Thursday, December 7, 2017

The $10 PC

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One day at the thrift store, I've found an old computer that costed $9.99 ($10). It's very interesting to see what it was. So I wanted it, and I was wondering if this thing was gonna work or not when I went home to try it out... Shockingly, it worked.

The system specifications:

CPU: Intel Celeron 300A Socket 370 with a adapter that fits in the Slot 1 CPU socket.
Memory: 256MB PC100
Hard Disk: None
Motherboard: ABIT BH6 (Intel BX440 Chipset)
Case: Unknown brand white case?
Internet Card: Some ISA ethernet card?

Bringing it home

At home, I decided to play around with it and see what was inside and it had everything, but the hard drive inside. I decided to put my 40GB HDD drive and it didn't work due to the bios supporting the max of 32GB so I had to get a different hard drive that had a jumper function that allowed the drive to be shown as 32GB to the computer. The next day, I decided to go googling for the bios updates which it was very hard to find and when I eventually found it, it was the wrong bios therefore it couldn't flash the bios, so I had to do a lot more and more researching and using WayBack Machine web archive of the ABIT website since the website for it has been offline for almost 10 years. Eventually, I found the BIOS update for it and what it did was it removed the 32GB HDD limit and the best part is ACPI support meaning that it can support Windows 7 too since Windows Vista requires ACPI, originally on the stock BIOS before updating there was no ACPI option.


The BIOS has the soft cpu mod feature meaning that the cpu can be overclocked. The latest BIOS update for the machine is from Mid-2000. It's just one of those generic energy star bios from the late 90s, nothing really special except the overclocking soft cpu mod feature in the BIOS.

Windows XP Time

When installing Windows XP, it toke around 50 minutes to install and it detected almost all of the devices in the computer except for the ISA card, probably due to Windows XP dropping native drivers for the ISA Cards, which means I would have to do a lot of researching for the drivers for the ISA card. Other than that, Windows XP performed fine than what I expected at first, I will surprised it booted under 5 minutes. I will probably install Windows 98 or Windows 2000 on it considering this computer was built in the year 1998.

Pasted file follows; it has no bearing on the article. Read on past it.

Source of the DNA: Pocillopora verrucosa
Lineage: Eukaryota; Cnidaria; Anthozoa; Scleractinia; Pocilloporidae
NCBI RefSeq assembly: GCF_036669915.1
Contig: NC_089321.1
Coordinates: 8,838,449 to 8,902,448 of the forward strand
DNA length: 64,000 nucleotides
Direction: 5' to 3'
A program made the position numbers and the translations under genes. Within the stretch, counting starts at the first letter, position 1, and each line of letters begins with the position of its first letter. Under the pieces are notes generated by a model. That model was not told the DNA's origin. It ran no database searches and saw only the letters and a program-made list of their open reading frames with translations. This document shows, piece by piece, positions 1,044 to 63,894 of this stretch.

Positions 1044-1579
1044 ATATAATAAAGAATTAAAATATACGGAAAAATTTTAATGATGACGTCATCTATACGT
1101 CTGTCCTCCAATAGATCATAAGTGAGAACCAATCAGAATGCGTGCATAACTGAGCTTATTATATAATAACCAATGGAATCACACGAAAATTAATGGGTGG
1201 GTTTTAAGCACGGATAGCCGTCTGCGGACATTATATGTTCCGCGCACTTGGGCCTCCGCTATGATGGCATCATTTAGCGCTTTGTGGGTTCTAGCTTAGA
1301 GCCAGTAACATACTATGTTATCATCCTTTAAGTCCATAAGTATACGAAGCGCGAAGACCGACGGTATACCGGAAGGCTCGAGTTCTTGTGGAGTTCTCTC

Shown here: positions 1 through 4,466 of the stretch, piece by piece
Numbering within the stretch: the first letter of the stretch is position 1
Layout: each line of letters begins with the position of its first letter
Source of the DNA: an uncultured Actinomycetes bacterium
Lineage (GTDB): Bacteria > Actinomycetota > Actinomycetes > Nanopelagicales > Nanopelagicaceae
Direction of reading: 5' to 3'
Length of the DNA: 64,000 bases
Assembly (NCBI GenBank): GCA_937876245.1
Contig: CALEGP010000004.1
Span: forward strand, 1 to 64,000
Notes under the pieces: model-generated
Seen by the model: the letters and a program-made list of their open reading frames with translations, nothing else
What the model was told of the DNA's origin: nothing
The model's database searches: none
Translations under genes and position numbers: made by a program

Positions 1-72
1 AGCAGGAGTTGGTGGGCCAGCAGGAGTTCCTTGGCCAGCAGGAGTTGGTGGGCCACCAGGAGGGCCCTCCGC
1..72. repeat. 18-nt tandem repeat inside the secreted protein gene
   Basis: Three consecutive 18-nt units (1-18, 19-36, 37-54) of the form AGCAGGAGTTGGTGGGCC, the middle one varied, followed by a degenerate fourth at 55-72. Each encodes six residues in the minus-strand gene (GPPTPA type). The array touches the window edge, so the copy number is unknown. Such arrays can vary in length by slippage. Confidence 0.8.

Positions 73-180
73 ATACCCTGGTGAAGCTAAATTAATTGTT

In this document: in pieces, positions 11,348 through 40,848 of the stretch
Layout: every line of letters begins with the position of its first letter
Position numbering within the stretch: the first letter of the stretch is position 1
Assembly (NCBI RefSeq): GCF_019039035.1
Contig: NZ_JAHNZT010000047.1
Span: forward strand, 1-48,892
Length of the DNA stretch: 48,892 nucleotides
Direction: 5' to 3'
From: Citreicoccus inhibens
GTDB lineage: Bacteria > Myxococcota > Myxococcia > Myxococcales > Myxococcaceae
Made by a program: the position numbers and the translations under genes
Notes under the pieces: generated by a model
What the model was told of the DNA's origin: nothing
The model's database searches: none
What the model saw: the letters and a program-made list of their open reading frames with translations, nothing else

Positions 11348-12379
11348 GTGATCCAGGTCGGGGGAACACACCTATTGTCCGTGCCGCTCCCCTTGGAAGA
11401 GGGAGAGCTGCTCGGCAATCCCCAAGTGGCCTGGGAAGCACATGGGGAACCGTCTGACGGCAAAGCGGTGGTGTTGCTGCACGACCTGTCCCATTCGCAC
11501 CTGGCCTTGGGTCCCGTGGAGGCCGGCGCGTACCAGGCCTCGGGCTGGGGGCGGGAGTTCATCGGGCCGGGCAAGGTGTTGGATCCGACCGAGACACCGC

Overclocking time

Overclocking the processor, the best thing I could overclock the processor was to 450 MHZ, but sometimes the computer would randomly lock up, so I've decided to revert it back to its stock processor speed, since it was very stable and I haven't ran into issues.

Going on the internet!

This was probably the most regret to do on an old computer since almost every webpage on the old computer spikes the CPU usage to 100% most of the time which is unbearable in 2017. The "latest" web browser I could get working is Firefox 48 which was released in 2016 since the latest version of Firefox and Google Chrome require the SSE2 instructions which the Celeron lacked.

Putting something modern...

I decided to put something modern like I tried to put Windows 8 Consumer Preview, but I got the 0x000000A error code, which is probably due to the processor lacking SSE instruction since I have seen people running the Windows 8 preview on a Pentium III computer because the Pentium III contains the SSE instruction. I have decided to make my own very stripped down Windows 7. After that, I did a livestream of installing Windows 7 on it and it was a bit more slow than Windows XP considering the OS was designed for more modern computers at the time and it was released in 2009.


Its a good computer for retro gaming from the 90s like DOOM and Half-Life, but using this computer  as a daily driver is just a big no no since it's very obsolete for the modern world especially when using it on the internet. Maybe someday, I plan on upgrading this $10 computer's memory and processor to a Pentium with 768 MB of ram (maximum ram memory amount it can take).

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